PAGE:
There is a tavern at the Lexington-Concord Battlefield park, where they performed surgery after the battle. One of the men they saved was a redcoat soldier, who got scooped up somehow. He was delivered to the doctor who went ahead and took his leg off. The young man lived. Not sure what became of him after that. The surgeries were performed on the tavern kitchen table. It is still there.

I was thinking also of Nabby Adams. She was president John Adams' daughter. When her parents were old and retired in Braintree, she developed breast cancer. She had a mastectomy performed on their kitchen table-- while her parents sat in the other room. She survived too.

This story came out of me thinking about those tables, today for some reason.

I am glad you can see Horatio in his father. John Hornblower feels very real to me. And I think he has done a very good job as a single dad.
nodbear
Mar. 13th, 2013 05:20 am (UTC)
Esmerelda is right there is a good deal of John in Horatio

when I saw this was entitled Milk and apples and was an egalntine story i rejoiced - it would be - I knew - your unique ability to infuse natural objects with a spiritual and temporal maenning as well as descriibng the accurately.

it comes as i have been reflecting on our boys as anteros and I have long been calling them now in the chapter I Am currently writing which is about their backgrounds and childhoods.A number of them were wither boys whose fahter had died when they were young or who had distant and aloof parenting.

and as for tables - i got talking to a guide on HMS Victory lsat Summmer while amaraal was seeing around the ship and she was telling me that the children remember and draw when bcak at school the long tables in the orlop - which are painted red ...
eglantine_br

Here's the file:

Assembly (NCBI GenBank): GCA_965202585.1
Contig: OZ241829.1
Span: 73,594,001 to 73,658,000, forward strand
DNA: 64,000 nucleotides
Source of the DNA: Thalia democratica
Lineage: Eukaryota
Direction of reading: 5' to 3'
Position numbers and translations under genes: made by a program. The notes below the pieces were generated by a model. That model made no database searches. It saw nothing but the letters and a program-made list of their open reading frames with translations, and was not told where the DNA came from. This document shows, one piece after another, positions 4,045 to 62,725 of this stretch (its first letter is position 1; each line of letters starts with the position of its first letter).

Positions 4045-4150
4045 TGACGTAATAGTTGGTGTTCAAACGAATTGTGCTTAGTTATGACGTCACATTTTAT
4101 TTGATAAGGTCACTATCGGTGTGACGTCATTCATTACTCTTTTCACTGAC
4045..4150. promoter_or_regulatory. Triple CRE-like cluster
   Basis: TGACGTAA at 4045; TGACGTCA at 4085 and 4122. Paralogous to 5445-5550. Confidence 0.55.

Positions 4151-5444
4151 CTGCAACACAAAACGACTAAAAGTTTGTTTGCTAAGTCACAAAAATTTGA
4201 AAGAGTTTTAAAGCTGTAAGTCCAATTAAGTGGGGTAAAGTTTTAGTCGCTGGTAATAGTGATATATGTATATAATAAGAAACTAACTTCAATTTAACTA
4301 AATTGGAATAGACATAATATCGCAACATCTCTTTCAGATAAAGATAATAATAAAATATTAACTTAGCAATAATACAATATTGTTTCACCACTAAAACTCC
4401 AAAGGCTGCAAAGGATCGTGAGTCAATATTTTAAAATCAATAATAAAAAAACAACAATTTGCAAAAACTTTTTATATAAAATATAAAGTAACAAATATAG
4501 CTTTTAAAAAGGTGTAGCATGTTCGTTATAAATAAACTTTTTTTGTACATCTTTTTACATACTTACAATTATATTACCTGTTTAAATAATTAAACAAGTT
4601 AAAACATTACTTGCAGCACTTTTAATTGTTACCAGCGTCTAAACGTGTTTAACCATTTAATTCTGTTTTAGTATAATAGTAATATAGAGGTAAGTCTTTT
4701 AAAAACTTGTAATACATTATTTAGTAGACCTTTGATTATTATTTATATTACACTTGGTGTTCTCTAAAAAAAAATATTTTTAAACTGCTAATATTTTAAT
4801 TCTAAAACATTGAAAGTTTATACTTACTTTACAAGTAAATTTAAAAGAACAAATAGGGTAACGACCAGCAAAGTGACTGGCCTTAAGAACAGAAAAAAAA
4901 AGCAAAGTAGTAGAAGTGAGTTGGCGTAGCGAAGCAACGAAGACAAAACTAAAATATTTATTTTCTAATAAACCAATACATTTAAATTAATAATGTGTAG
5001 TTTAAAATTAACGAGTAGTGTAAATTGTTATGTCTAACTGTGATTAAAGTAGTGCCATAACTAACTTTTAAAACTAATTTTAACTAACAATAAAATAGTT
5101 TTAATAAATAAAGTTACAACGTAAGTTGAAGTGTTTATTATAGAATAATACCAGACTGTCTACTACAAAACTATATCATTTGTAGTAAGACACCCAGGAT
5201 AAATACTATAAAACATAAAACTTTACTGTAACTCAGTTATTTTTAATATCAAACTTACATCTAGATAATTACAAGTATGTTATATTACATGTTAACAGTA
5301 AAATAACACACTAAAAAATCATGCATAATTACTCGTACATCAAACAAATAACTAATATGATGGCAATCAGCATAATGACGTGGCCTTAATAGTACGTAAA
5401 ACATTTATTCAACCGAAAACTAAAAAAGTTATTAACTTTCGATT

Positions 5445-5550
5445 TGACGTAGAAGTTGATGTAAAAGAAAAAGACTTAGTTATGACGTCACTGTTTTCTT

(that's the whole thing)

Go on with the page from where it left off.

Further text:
Mar. 13th, 2013 12:10 pm (UTC)
You know I always had a soft spot for doctors. I have have known many, and there are few that I don't like. It must have been so hard to know there was little they could do.

John H misses his son terribly.

When i was a kid we had a crab-apple tree in our backyard. It was an old tree then, has since died. But the apples were just as I described. Tiny, spotted, astringent. I was probably the only human that ate them. I am sure that deer and skunks liked them though, and yellow jackets did.

As for orlops, that red paint sure makes an impression. I remember touring a ship as a kid that was all red inside. I thought, at the time, that it might have been the Consitution. But was told by someone that that is not red inside. So i am not sure what I am thinking of-- The Beaver maybe? But she was not a fighting ship.

charliecochrane
Mar. 13th, 2013 01:58 pm (UTC)
That's a lovely little piece. Nice details.
eglantine_br
Mar. 14th, 2013 11:55 pm (UTC)
Thanks. How is your week going?
charliecochrane
Mar. 15th, 2013 01:14 pm (UTC)
Not too bad. It was freezing over here earlier this week (bitter east wind) but yesterday was gorgeous and the garden is looking a bit more springlike so that always adds to the mood. Howsabout you?
vespican
Mar. 17th, 2013 04:42 pm (UTC)
Finally got around to reading this. Another suburb piece! Always amazes me that people could undergo such invasive and catatrophic procedures without much in the way of anesthetics or pain killing drugs.

I'm sure doctors of the time, like the good John Hornblower did all they could to lessen the shock and pain.
Dave
( 8 comments — Leave a comment )